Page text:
No, I haven’t gone back to the comedy club for another night of humiliation (Public Humiliation). Since I’m not seeing Bennett anymore (Bennett Bites the Dust), who else would be up for this adventure with me?
Instead, I’m sharing bits of trivia with you that I’ve been saving for just such a night, starting with Oscar Wilde, my favorite Irish writer.
Everything is about sex, except sex, which is about power.
Oscar was the master at boiling the truths of life down to one or two pity sentences.
Nothing much has changed since Oscar Wilde’s time in Victorian Great Britain.
One of my best friends is at the wheel of her car, listening to my story of the end of my relationship with Bennett (Bennett Bites the Dust). Susie is a long-married woman who relishes all the diverting details of my single life. Every time we get together, she gets that gleam in her eye, the one that says, “Time for some vicarious pleasure.” Then she asks, “What’s up?”
She’s the friend who gave me the book, Getting Naked Again. This means she has insider information on my angst wrapped around that topic.
When I finish telling her about his last email, she turns her head away from the road, toward me, and says, “Why don’t you just…”
I spent the last two weeks immersing myself in the blogoshere. Know what I learned? If I want readers, I need to tell people what to do.
I need to tell you how to grow tomatoes, grind your own baby food, knit an afghan, photograph a field of sunflowers in southern France, start a new business, change the oil in your car.
How could I be so dense? All these postings I’ve sent off to you, and I’v never told you how to do anything.
Know what else I learned? If I want lots of readers, I need to tell you what to do in the kitchen. Not only what to cook and how to do it, but which specialty machines and rare utensils to use while you do it.
I need to morph into a combination of Julia Child and Martha Stewart.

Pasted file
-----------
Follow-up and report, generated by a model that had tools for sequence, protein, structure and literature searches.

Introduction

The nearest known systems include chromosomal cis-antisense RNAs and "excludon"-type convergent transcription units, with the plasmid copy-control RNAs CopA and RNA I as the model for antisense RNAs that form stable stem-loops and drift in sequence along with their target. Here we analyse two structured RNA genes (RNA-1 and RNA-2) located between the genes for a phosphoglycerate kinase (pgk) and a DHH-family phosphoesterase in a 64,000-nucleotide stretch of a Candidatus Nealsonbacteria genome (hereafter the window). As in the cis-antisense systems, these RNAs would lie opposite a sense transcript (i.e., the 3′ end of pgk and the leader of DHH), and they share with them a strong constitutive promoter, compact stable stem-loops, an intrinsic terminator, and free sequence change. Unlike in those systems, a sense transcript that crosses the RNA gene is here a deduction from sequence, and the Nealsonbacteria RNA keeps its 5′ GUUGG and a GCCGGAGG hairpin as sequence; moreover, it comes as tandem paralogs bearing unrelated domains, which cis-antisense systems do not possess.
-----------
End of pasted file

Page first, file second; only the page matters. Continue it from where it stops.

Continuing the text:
“What’s the problem with that, Georgia?” you sensibly ask me. “You’re intelligent, aren’t you? You’ve proven to me that you’re adaptable,” you kindly add.
I like to think I’m both. What I’m not is a cook. I could not possibly be less interested in the process of changing raw food into anything edible.
But here it goes, here’s my effort to step on that path trodden so successfully by Julia and Martha.
Words that ring with such sweetness and light in the ears of any woman; “You’re so beautiful.”
Words that ring with particular sweetness and light when falling on the ears of a woman whose 60th birthday looms closer than she’d like to acknowledge.
That would be me.
The words only work their magic under two conditions. First, they need to be sincere. They can’t be lies or exaggerations. They certainly can’t be manipulative; spoken to achieve a desired result.
The contemplation of what activity clenches the jaws, contracts the abdominal muscles and furrows the brow of any woman of a certain age? Considering what action fills her brain with anxiety and her heart with trepidation? What thought incites a riot of classic avoidance behavior?
Buying a bathing suit.
My own avoidance behavior is such that my one bathing suit, purchased in 1995 in Kauai, bears the marks of several seams resewn and holes darned by my hand.
But I was heading off to California on vacation and had determined that the Vixen Divorcee deserved a fresher image. Too that end, on a rainy Saturday in early June I convinced my friend, Susie, that our time would be best spent shopping for beach wear.
By crossing the threshold of Nani Nalu Beachwear Boutique, we left behind the chilly, dreary midwestern day and plopped down in Aruba. Or Jamaica. Or Key Largo. Or anyplace with palm trees, exotic birds and bright colors.
That would be the Casino de Monte Carlo.
First, I studied the rules for all the games that we’d find at the Casino. I did it at the private beach after I shooed away the annoying British tourists (read Toying). I’d picked up a beautifully illustrated brochure, designed for novices like us, from the concierge at the Hotel de Paris.
Alan, my ex-husband, announced that he wanted to play roulette. The game spoke to his desire to appear worldly and debonair. Like a dutiful wife, I read the section on roulette carefully, concentrating on which bets were most lucrative, and studied the illustrations. I told Alan the points he most needed to know about the game, especially the etiquette of interactions with the other players and the croupier.
He nodded his head from behind his newspaper. “This can’t be too difficult, Georgia,” he finally said. “I’ll just watch a while and figure it out.”
- Me reading your comments, ala Vincent Van Gogh
I’m departing from my norm today. Instead of posting new thoughts, I’m inviting you all to go back to previous posts to read your thoughts. For the last two months, I’ve been reading the best of you with pleasure. The traces of yourselves that you leave in your comments are funny, thoughtful and insightful.
I savor them daily. I suspect most of you don’t go back to old postings to see what comments have shown up. Today, I invite you to do so. They are worth your time.